Studies have found that exposure to mice is highly prevalent among children with asthma living in urban areas.
To examine the relationship between exposure to mice and wheeze in the first year of life.
We conducted an ongoing prospective birth cohort study of 498 children with a history of allergy or asthma in at least 1 parent living in metropolitan Boston (the Home Allergens and Asthma Study).
In a multivariate analysis, infants whose parents reported exposure to mice in the household had nearly twice the odds of developing any wheeze in the first year of life as children without exposure (odds ratio [OR], 1.83; 95% confidence interval [CI], 1.14–2.95; P = .01). Other variables associated with wheeze in the first year of life included low birth weight (OR, 1.77; 95% CI, 1.06–2.95; P = .03), having at least 1 lower respiratory tract illness (OR, 5.59; 95% CI, 3.46–9.04; P < .001), exposure to high levels of endotoxin at age 2 to 3 months (fourth quartile compared with first quartile: OR, 2.32; 95% CI, 1.19–4.54; P = .01), and exposure to cockroach allergen of 0.05 U/g of dust or more at age 2 to 3 months (OR, 1.83; 95% CI, 1.09–3.08; P = .02).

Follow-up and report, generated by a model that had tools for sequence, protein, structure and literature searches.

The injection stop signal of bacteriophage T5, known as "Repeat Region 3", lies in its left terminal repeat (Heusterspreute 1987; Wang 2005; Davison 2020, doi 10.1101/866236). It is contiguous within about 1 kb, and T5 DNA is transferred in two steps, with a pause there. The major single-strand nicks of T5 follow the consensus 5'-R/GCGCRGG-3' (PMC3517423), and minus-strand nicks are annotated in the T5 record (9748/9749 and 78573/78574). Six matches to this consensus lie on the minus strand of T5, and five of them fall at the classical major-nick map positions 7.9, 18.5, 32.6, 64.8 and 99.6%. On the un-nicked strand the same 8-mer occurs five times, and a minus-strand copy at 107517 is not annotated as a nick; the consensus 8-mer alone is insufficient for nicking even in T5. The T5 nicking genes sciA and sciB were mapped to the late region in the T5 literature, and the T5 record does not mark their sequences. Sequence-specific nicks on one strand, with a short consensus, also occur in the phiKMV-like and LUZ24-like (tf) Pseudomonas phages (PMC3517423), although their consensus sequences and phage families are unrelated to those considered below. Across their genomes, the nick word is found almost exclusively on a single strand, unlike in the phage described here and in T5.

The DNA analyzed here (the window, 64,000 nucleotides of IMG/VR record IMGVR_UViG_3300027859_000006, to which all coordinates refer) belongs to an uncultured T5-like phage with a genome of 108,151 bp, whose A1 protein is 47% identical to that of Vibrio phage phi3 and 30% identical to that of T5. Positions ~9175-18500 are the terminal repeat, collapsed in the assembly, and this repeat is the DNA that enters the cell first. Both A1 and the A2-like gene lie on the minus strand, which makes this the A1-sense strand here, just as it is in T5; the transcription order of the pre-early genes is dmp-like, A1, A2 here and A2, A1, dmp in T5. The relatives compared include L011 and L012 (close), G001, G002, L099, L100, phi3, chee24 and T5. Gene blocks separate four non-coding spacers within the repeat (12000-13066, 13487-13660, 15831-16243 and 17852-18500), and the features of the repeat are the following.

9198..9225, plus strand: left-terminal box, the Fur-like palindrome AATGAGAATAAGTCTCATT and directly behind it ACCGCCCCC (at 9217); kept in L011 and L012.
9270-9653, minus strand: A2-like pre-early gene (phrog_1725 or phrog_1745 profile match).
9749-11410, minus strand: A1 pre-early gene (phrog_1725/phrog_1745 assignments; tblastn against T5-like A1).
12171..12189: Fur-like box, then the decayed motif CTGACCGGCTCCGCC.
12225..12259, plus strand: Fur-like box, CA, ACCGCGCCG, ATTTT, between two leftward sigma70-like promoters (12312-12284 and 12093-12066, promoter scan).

Among children with a parental history of asthma or allergies, exposure to mice is associated with wheeze in the first year of life, independent of other factors.